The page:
Salts and other water soluble contaminants can be removed by thoroughly rinsing with clean water. Occasionally, added chemicals will be required to neutralize the surface. Consult Permite in case of doubt regarding the best combination of materials and procedure for surface cleaning.

 

PREVIOUSLY PAINTED SURFACES present a unique problem. No specific instructions can be given to apply to all cases. Determination of the degree of preparation required is primarily a matter of judgment based on experience and common sense; however, a few guidelines can be followed:

An existing coating that has good adhesion and integrity requires little preparation other than removing dust, dirt and any other surface contamination plus reducing gloss to assure adhesion. Gloss can be removed by sanding, “brush blasting,” or by wiping with a solvent blend that will soften the surface. The proper solvent blend for this operation will vary with the coating; consult Permite for recommendations.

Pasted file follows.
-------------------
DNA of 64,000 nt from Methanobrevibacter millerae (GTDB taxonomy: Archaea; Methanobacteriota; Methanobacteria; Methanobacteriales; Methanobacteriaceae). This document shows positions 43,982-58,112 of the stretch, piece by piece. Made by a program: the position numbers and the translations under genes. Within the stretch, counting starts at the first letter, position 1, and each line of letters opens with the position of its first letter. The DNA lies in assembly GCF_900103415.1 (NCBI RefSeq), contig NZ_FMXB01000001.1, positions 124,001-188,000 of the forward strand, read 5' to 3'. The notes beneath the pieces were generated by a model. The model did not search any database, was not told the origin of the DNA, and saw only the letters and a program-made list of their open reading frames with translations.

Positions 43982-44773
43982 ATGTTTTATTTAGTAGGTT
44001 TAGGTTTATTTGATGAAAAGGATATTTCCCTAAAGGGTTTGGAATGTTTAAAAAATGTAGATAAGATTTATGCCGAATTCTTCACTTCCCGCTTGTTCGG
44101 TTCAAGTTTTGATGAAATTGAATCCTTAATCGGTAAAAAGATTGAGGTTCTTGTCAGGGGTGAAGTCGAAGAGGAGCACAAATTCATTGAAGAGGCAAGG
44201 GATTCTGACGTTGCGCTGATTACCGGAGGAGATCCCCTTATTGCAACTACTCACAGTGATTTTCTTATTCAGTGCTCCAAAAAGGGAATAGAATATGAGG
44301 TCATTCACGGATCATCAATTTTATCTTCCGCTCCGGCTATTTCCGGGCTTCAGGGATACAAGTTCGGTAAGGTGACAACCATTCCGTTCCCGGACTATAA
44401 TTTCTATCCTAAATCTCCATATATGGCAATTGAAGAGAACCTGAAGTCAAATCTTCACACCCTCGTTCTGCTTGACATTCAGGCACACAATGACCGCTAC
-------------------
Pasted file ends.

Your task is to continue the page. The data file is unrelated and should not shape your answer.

To determine the condition of an existing coating, a careful visual examination is necessary; a knife should be used to probe at spots of possible failure. Look for cracks, checks, blisters, flaking, peeling, heavy chalking, or any other obvious abnormalities. Check at numerous spots to determine if there is good adhesion. Look for corrosion under blisters and other areas of doubtful adhesion.

When the existing finish is 75-80% sound, the areas of failure can be cleaned to a sound surface and spot primed before coating. If more than 25% of the existing finish has failed, it is generally more economical to remove the finish entirely and treat the surface as a new one.